Commentary

Dispatches from Vancouver, Vol. II: First Impressions

Today is my second day here, and so far my impressions can be summarized by paraphrasing the title of one of the movies I avoided on the flight over: cloudy with a chance of snafus. Indeed, with the overcast skies, periodic rain, and balmy temperatures — when not too snowy in more remote venues — I keep thinking that I took a wrong turn somewhere and arrived at the Spring Olympics (synchronized gardening?) instead of the Winter. An English couple joked to me that it was warmer here than it would be in their London during its hosting of the 2012 Summer Games.

The locals traditionally pride themselves on being hipper, greener, and more cosmopolitan than either Canada’s largest city, Toronto, or that land of concealed-carry and kids-dying-in-the-streets-from-lack-of-universal-health-care to the south. (In many ways, Vancouver is a colder, coastal Austin.) With these Games, Vancouverites hope their home town will forever be catapulted into the global first tier of must-visit cities, much as the 1992 Summer Games transformed Barcelona from a quirky proto-secessionist backwater into one of the most attractive tourist destinations.

Here I must confess my biases: I’ve had several memorable visits to Barcelona, and try to get there whenever I’m in south-central Europe. More importantly, I grew up in and around Toronto — where I reveled in Hogtown’s “center of the universe” self-regard — and might still be living there if the great city weren’t on the wrong side of the border. See, having fled Soviet Russia as a child, I have a certain aversion to socialism — though of late Canada has been doing much better in terms of economic freedom than the United States, where I’ve spent my entire adult life.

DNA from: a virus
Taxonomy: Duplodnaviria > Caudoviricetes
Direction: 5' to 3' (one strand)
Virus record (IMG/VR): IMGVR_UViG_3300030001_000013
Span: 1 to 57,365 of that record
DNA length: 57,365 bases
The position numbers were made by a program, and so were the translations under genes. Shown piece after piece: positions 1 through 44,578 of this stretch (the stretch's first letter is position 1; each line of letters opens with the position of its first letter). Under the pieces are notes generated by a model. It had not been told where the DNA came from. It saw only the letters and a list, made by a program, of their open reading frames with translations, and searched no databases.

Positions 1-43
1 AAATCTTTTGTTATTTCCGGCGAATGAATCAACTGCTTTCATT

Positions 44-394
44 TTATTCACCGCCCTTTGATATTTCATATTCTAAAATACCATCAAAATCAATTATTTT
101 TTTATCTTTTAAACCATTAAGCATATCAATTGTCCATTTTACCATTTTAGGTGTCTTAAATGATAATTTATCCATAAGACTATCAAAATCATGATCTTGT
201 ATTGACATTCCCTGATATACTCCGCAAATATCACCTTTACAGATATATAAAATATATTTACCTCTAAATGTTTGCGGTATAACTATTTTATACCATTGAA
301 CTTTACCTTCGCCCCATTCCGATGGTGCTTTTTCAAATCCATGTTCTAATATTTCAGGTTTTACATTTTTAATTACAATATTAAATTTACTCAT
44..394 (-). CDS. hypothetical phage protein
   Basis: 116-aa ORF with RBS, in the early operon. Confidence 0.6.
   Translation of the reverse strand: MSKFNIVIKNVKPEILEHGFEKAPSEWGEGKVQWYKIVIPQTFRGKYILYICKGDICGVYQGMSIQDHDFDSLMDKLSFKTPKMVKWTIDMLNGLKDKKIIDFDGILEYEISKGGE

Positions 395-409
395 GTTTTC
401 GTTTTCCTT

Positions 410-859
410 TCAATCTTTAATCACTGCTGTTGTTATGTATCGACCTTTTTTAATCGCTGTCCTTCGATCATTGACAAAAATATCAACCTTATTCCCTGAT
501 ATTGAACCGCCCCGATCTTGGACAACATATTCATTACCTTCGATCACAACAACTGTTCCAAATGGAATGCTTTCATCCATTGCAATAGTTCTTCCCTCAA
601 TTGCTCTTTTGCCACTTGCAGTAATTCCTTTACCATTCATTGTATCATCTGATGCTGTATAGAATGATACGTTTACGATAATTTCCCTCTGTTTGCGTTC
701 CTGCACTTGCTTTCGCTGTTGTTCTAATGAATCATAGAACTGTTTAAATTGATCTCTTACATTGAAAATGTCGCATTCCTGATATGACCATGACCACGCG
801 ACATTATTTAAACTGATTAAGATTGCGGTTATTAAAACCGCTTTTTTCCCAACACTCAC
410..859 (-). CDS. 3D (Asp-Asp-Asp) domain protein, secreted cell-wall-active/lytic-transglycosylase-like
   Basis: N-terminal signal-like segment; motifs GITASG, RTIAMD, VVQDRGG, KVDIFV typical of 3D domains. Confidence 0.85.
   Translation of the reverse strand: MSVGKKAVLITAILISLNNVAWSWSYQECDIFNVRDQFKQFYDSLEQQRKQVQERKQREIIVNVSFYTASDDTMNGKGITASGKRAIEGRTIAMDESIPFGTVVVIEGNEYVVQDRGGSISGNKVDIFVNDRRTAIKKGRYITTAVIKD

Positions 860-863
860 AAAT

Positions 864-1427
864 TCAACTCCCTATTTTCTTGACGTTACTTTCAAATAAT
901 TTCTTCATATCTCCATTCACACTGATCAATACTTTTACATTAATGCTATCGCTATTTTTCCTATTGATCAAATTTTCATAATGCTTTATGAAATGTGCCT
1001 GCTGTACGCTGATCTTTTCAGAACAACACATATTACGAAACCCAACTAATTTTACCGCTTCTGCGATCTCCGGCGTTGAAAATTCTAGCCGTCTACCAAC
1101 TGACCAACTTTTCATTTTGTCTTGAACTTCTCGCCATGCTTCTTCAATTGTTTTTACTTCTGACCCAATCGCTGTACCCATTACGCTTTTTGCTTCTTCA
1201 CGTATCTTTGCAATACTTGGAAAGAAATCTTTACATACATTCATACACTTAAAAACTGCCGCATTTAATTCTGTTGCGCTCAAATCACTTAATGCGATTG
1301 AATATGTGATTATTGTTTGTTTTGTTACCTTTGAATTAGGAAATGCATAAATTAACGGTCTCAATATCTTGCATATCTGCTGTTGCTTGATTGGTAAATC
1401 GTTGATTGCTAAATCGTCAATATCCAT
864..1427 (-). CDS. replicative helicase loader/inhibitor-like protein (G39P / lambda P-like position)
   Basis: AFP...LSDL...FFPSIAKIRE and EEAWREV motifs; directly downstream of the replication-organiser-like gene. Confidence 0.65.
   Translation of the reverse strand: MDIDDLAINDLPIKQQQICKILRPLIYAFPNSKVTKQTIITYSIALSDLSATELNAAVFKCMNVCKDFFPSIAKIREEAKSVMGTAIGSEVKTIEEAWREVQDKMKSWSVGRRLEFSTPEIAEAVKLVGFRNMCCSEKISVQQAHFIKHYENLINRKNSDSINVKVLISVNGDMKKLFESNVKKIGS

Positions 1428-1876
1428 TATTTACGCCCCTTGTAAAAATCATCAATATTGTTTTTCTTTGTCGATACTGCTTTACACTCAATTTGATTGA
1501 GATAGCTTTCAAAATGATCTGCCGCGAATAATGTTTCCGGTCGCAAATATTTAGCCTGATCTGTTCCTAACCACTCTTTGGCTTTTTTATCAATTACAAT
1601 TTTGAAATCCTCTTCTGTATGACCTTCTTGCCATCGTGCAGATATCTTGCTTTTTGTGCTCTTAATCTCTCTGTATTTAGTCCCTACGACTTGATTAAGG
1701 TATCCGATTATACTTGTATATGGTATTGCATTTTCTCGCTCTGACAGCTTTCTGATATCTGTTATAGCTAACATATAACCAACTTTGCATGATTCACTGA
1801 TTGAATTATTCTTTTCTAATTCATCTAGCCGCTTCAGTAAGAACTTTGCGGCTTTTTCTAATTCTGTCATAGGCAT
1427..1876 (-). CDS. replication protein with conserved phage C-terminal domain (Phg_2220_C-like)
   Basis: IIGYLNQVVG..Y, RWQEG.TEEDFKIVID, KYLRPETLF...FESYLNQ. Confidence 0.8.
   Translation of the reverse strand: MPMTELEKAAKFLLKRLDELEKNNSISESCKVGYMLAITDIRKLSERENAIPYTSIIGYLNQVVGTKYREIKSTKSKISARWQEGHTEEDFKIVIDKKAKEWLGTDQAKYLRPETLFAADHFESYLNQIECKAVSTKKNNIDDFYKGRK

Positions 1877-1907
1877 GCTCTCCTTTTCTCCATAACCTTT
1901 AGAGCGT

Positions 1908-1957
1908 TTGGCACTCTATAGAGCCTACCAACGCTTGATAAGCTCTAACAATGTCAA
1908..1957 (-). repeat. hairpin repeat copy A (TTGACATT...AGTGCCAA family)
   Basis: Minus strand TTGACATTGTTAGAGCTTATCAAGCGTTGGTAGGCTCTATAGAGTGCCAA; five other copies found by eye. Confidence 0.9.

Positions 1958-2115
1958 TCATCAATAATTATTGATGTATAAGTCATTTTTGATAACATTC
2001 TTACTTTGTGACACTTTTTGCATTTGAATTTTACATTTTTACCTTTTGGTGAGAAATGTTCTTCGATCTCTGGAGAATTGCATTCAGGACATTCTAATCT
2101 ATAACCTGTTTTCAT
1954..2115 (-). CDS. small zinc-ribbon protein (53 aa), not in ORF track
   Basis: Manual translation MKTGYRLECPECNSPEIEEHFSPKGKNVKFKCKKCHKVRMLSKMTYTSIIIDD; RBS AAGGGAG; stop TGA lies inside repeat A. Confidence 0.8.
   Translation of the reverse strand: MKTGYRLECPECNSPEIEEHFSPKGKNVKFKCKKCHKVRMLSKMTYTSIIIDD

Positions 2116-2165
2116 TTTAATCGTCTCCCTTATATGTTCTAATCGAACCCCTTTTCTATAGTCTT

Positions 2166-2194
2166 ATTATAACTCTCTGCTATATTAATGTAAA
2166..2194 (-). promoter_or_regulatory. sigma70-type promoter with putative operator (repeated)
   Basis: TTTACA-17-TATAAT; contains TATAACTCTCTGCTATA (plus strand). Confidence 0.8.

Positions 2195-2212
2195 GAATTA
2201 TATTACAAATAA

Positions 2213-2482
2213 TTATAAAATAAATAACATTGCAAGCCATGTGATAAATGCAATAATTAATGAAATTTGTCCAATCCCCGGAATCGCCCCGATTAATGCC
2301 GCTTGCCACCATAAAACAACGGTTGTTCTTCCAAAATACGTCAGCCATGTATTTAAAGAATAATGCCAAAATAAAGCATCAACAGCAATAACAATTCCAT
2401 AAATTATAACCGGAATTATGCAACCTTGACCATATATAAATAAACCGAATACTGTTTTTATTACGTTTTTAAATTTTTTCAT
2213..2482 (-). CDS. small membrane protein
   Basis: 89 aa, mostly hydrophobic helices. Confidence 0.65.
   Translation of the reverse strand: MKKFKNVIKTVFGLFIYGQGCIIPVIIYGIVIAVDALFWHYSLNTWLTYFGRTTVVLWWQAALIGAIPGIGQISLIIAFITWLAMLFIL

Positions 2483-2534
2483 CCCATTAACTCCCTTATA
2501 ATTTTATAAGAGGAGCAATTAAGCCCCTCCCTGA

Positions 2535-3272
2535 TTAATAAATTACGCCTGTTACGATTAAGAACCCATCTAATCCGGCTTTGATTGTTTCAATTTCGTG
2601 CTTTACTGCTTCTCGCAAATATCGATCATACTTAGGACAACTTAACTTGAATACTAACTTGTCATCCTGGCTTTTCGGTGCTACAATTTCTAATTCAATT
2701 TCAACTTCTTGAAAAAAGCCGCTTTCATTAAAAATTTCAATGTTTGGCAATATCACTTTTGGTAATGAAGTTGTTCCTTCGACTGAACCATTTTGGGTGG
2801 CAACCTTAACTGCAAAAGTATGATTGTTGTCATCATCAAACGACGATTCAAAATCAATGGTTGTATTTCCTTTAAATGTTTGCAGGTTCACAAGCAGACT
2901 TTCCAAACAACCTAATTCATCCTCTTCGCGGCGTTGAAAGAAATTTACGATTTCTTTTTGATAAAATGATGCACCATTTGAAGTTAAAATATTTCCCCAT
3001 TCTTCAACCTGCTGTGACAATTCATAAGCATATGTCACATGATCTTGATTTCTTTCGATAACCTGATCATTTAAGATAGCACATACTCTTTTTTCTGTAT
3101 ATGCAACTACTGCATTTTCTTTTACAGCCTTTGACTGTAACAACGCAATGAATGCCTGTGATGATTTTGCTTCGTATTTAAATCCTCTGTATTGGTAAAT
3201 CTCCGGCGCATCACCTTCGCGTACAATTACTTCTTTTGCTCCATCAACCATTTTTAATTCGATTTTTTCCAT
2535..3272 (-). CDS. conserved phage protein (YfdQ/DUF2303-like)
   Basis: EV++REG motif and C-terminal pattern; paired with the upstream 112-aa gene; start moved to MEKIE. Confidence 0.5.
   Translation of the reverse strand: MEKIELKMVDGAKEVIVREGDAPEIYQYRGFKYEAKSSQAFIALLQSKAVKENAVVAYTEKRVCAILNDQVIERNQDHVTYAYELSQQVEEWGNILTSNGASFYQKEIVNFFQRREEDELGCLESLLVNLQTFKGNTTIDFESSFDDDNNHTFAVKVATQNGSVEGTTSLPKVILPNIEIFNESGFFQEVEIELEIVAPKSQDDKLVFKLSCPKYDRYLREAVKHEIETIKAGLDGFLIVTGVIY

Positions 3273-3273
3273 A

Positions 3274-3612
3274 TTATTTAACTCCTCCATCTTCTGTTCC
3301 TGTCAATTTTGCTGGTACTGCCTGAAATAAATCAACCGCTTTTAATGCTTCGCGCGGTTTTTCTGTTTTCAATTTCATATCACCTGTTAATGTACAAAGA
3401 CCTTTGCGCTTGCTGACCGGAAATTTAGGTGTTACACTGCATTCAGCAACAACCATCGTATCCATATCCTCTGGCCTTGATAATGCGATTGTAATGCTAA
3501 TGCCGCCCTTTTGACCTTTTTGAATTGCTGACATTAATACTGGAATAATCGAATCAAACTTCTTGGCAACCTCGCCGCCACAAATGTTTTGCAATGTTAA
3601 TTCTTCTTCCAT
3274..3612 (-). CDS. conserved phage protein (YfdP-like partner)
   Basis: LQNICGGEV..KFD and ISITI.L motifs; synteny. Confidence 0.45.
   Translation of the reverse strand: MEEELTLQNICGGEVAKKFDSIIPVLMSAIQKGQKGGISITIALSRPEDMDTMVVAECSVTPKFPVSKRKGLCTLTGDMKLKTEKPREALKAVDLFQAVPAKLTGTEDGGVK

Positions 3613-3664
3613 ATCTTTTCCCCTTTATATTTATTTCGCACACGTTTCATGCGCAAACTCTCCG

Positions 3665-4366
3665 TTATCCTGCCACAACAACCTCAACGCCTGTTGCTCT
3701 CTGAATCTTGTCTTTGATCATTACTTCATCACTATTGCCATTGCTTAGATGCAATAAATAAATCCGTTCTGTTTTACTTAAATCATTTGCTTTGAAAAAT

But perhaps my most relevant bias is that I love the Olympics. One of my earliest memories is watching Misha the Bear (in the form of audience placards) crying at the closing ceremonies of the 1980 Moscow Games — on the first color TV in my parents’ circle of friends, for which I think they spent two years’ salary on it. During the 1996 Atlanta Games I logged a total of 96 viewing hours (ah, college summers…). I even wrote about the Olympics for my master’s thesis — expanding on many of the points I made in my opening op-ed on this Web site.

Which is all to say that I hate the Olympic movement — that weird confluence of myth, political correctness, hypocrisy, and corruption, which holds itself out as an international institution of no less importance than the United Nations. (Come to think of it, the UN isn’t important at all — and certainly has no relation to actual law or “reality-based” policy — so the IOC grandees might finally be on to something.) No, I don’t go in for the “let’s hold hands and sing Kumbaya” aspect of all this.

Just give me the sports: the thrill of victory, the agony of defeat, perhaps a little Bob Costas snark. That’s why I’m particularly frustrated by the technical problems the current games have been having: funky mechanical arms aside, if a Winter Olympics can’t guarantee proper snow and ice, it’s on, um, pretty thin ice. (Watch for how the summer resort town of Sochi, Russia, pulls off the 2014 Winter Games — Vladimir Putin would be putting the organizing committee in jail if he saw some of the issues Vancouver has experienced.)

And so, as I set off for athletic competitions that are pregnant with possibility, I’ll try to keep my wits (and wallet) about me and pass along some juicy tidbits.

Ilya Shapiro, a senior fellow in constitutional studies at the Cato Institute, wrote his master’s thesis at the London School of Economics on the transformation of the Olympics in the post-Cold War era.